Former Judge of the Supreme Court of India
Assumed Office7th Jul, 2014
Retired On2nd Sep, 2020
Chief Justice of the Calcutta High Court December 14th 2012-July 6th 2014
Chief Justice of the Rajasthan High CourtNovember 26th 2010 - December 13th 2012
Judge of the Madhya Pradesh High Court October 25th 1999 – September 12th 2010
Chairman of the Bar Council of India 1998-1999
Vice Chairman of the Madhya Pradesh State Bar Council 1998-1999
Career as an Advocate
Justice Mishra is the son of Justice H.G. Mishra of the Madhya Pradesh High Court. He practised constitutional, civil, industrial, service and criminal law matters. He served as the Vice-Chairman of the Madhya Pradesh State Bar Council and the Bar Council of India.
In 1998, he became the youngest Chairman of the Bar Council of India. During his tenure, the Bar Council decided to shut down evening law colleges and institute the 5-year undergraduate course instead of the 3-year course. Over 200 law colleges were shut down for being sub-standard and a large number of disciplinary cases were decided to maintain the dignity of the profession. The medical aid to lawyers was enhanced. Justice Mishra also drafted and implemented the Foreign Law Degree Recognition Rules, 1997 under the Advocates Act of 1961, the Bar Council of India Employees’ Service Rules, 1996 and rules about foreign lawyers’ practice in India.
Career as a Judge
On October 25th 1999, Justice Mishra was appointed as a Judge of the Madhya Pradesh High Court. During this time, he also served as the Chairman of the Madhya Pradesh State Legal Services Authority. In 2010 Justice Mishra was appointed as the Chief Justice of Rajasthan High Court. On December 14th 2012, he was appointed as the Chief Justice of the Calcutta High Court.
On January 1st 2019, Justice Mishra joined the Collegium. He retired on September 2nd 2020 and was appointed as the chairperson of the Nation Human Rights Commission on June 1st 2021.
Where Are They Now?
On June 2nd, 2021, Justice Arun Mishra took charge as the new Chairperson for the National Human Rights Commission (NHRC). In 2019, the Parliament enacted an Amendment to the Protection of Human Rights Act, 1993, allowing former SC Judges, not just former to be considered for the position. Justice Mishra became the first former SC Judge who did not previously serve as the Chief Justice of India to be appointed to the position. Immediately afterwards, 71 activists and members of human rights organisations issued a joint statement comdemning his appointment as NHRC chairperson.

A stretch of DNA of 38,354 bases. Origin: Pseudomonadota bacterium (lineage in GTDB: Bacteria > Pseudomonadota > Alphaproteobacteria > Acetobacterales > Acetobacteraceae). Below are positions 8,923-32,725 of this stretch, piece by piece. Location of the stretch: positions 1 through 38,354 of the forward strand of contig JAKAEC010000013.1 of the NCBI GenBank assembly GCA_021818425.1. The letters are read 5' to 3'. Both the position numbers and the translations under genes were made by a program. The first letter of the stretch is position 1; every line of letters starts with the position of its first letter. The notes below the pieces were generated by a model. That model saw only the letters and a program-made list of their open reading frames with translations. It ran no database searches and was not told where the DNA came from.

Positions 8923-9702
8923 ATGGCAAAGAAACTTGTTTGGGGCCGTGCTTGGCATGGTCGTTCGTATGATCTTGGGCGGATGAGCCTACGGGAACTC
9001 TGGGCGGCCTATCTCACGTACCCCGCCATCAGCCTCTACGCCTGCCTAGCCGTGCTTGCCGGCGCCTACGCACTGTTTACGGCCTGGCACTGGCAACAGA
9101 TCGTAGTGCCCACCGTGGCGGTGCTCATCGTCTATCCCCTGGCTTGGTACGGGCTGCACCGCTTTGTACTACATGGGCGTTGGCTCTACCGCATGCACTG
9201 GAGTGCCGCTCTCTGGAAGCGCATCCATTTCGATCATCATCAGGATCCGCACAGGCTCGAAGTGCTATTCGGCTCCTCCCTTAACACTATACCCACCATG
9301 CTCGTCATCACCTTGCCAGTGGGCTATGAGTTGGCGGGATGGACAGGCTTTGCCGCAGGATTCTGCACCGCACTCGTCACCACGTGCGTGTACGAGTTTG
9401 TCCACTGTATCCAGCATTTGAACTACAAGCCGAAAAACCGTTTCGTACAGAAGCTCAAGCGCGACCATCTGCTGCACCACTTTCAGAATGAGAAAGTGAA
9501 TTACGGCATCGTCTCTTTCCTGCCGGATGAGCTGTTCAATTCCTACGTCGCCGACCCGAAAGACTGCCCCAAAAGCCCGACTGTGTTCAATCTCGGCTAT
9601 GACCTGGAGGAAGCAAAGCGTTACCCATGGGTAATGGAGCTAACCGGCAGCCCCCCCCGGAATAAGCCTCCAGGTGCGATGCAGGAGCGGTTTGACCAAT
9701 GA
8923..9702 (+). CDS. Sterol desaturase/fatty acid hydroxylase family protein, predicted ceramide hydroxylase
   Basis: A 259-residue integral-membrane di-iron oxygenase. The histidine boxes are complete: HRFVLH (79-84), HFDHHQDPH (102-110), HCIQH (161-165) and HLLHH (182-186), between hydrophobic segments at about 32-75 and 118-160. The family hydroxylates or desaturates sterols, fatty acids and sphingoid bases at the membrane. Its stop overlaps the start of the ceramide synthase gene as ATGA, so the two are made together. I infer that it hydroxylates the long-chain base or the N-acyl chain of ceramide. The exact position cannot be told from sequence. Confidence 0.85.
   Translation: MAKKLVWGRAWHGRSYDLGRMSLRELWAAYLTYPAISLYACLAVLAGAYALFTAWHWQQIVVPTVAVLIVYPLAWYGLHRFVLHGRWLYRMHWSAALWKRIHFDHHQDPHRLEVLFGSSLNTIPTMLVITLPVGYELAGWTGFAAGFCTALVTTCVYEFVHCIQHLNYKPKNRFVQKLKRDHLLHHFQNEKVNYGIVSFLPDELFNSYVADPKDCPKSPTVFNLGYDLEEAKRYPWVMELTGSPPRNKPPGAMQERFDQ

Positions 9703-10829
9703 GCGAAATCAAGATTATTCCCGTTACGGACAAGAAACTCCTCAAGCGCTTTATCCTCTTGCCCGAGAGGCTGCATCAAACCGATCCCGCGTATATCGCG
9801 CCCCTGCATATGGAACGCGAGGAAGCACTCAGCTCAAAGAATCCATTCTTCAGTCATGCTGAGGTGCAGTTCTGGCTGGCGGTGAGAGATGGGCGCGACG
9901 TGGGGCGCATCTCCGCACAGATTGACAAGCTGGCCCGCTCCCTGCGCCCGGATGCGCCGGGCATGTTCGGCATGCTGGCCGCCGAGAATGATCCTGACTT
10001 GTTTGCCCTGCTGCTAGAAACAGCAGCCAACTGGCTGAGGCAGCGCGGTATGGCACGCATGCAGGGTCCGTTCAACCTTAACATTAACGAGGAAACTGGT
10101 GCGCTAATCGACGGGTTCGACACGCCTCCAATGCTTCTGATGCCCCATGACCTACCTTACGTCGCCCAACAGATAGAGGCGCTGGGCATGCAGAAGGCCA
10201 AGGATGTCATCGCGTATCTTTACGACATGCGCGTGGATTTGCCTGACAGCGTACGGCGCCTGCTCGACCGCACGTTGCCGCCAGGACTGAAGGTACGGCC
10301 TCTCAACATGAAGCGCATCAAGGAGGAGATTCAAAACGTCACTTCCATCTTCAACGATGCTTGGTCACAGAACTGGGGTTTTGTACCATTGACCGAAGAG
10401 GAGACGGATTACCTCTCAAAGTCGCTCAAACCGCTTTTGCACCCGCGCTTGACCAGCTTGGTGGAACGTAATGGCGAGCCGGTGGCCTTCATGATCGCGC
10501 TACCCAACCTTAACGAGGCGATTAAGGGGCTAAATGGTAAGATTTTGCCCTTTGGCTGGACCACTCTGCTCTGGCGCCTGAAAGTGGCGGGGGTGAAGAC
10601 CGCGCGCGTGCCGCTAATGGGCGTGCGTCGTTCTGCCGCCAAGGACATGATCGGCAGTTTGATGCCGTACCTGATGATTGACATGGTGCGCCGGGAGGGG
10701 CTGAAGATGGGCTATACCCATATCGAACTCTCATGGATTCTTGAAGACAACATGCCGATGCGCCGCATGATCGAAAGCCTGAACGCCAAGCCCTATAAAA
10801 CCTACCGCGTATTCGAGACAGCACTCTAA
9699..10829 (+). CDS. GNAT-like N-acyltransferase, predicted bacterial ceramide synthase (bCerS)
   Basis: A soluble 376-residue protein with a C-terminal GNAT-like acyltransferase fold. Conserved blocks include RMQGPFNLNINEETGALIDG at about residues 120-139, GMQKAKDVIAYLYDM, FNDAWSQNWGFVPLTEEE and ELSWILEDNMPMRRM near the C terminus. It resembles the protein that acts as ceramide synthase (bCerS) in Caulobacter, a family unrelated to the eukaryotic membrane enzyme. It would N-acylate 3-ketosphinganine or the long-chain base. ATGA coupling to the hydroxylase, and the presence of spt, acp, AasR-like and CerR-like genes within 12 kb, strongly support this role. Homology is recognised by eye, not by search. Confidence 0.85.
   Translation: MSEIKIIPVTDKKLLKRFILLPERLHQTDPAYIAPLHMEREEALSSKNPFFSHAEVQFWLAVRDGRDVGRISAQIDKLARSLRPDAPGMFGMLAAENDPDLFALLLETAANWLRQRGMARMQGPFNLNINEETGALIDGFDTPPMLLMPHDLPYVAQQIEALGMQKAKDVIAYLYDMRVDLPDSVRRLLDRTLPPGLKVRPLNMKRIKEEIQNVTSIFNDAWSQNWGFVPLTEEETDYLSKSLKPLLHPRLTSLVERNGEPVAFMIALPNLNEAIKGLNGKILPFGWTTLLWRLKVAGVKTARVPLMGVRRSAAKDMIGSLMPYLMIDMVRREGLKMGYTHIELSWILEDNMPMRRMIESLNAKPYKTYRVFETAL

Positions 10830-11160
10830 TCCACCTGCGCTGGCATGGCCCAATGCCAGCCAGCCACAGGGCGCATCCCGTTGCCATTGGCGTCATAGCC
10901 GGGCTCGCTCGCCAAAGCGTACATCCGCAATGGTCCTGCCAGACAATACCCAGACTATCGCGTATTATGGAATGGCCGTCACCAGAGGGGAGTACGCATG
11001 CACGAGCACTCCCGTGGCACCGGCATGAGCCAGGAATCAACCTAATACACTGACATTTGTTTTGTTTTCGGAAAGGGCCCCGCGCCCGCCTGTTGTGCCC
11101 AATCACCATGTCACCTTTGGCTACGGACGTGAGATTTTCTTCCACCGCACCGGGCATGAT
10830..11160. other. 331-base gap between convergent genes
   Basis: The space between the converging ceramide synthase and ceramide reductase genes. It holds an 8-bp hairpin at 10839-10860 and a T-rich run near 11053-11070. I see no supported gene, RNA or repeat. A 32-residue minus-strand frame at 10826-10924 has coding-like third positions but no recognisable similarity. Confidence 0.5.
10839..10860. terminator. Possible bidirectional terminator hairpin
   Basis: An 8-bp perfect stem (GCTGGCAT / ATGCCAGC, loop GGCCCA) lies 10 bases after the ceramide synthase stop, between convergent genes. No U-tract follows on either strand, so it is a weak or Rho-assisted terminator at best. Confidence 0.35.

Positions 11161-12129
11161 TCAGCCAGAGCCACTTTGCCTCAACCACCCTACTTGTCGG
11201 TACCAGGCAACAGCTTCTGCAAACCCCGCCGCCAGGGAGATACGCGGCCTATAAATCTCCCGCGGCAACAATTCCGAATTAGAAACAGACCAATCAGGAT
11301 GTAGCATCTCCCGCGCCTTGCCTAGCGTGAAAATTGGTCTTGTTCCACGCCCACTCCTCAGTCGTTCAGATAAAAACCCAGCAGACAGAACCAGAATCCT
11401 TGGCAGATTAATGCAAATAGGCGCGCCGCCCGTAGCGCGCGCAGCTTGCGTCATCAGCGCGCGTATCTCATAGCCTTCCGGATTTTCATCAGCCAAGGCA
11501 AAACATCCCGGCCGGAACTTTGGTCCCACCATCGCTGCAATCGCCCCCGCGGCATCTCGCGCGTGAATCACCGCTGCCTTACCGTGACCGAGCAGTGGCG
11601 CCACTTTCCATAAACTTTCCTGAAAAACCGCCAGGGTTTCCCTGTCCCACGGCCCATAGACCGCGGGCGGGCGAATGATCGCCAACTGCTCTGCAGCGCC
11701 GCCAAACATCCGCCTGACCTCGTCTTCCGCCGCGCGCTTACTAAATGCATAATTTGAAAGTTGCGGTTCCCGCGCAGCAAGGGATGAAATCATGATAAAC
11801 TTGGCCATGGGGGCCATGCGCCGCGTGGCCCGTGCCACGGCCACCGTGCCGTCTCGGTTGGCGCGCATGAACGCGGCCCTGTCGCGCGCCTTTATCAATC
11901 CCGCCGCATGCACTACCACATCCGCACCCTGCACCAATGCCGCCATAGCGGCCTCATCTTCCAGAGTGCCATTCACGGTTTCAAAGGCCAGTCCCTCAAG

On October 12th, 2021, at an event for the 28th Foundation Day of the NHRC, Justice Mishra caused a stir, stating ‘It is now a norm to accuse India of human rights violation at the behest of international forces’. During the same event he highlighted the problematic tendency of Indian police to file false cases.
Later in December, he once again shone a light on the police in light of Assam’s ‘zero tolerance’ policy against crimes which reportedly led to a number of encounters in the state leading to many injuries and deaths. Justice Mishra spoke against the scourge of ‘fake encounters’, but clarified that he did not believe all the encounters were fake and the NHRC was in the process of examining the veracity of many of the claims.
In February, a three-judge Bench comprising Justices Mishra, Banerjee and Sinha ordered the eviction of tribal communities and forest dwellers whose claims over land were rejected under the Scheduled Tribes and Other Traditional Forest Dwellers (Recognition of Forest Rights Act), 2006. The order was considered to affect nearly 1 million families and the court stayed its order after sharp criticism.
In In Re: Matter of Great Public Importance touching upon the Independence of Judiciary, Justice Mishra was a member of the three-judge bench examining claims that the sexual harassment allegations against the Chief Justice of India were fabricated as part of a larger conspiracy to undermine the judiciary’s independence.
In Partap Singh Bajwa v Chairman Rajya Sabha a five-judge bench was constituted to decide if the Rajya Sabha Chairman’s rejection of an Impeachment Motion against the then Chief Justice is subject to judicial review. The petitioners withdrew their petition by objecting to the Chief Justice constituting the bench in a matter that concerned him.
In Common Cause v Union of India, a division bench of Justices Mishra and Roy rejected an NGO’s demand for a criminal investigation into the ‘Sahara-Birla’ Diary for alleged large payments to politicians.
In Campaign for Judicial Accountability and Reforms v Union of India a Constitution Bench ruled that the Chief Justice is the ‘Master of the Roster’ and enjoys absolute power to decide bench strength and composition. This negated Justice Chelameswar’s order directing the formation of a Constitution Bench in the Orissa Medical College scam.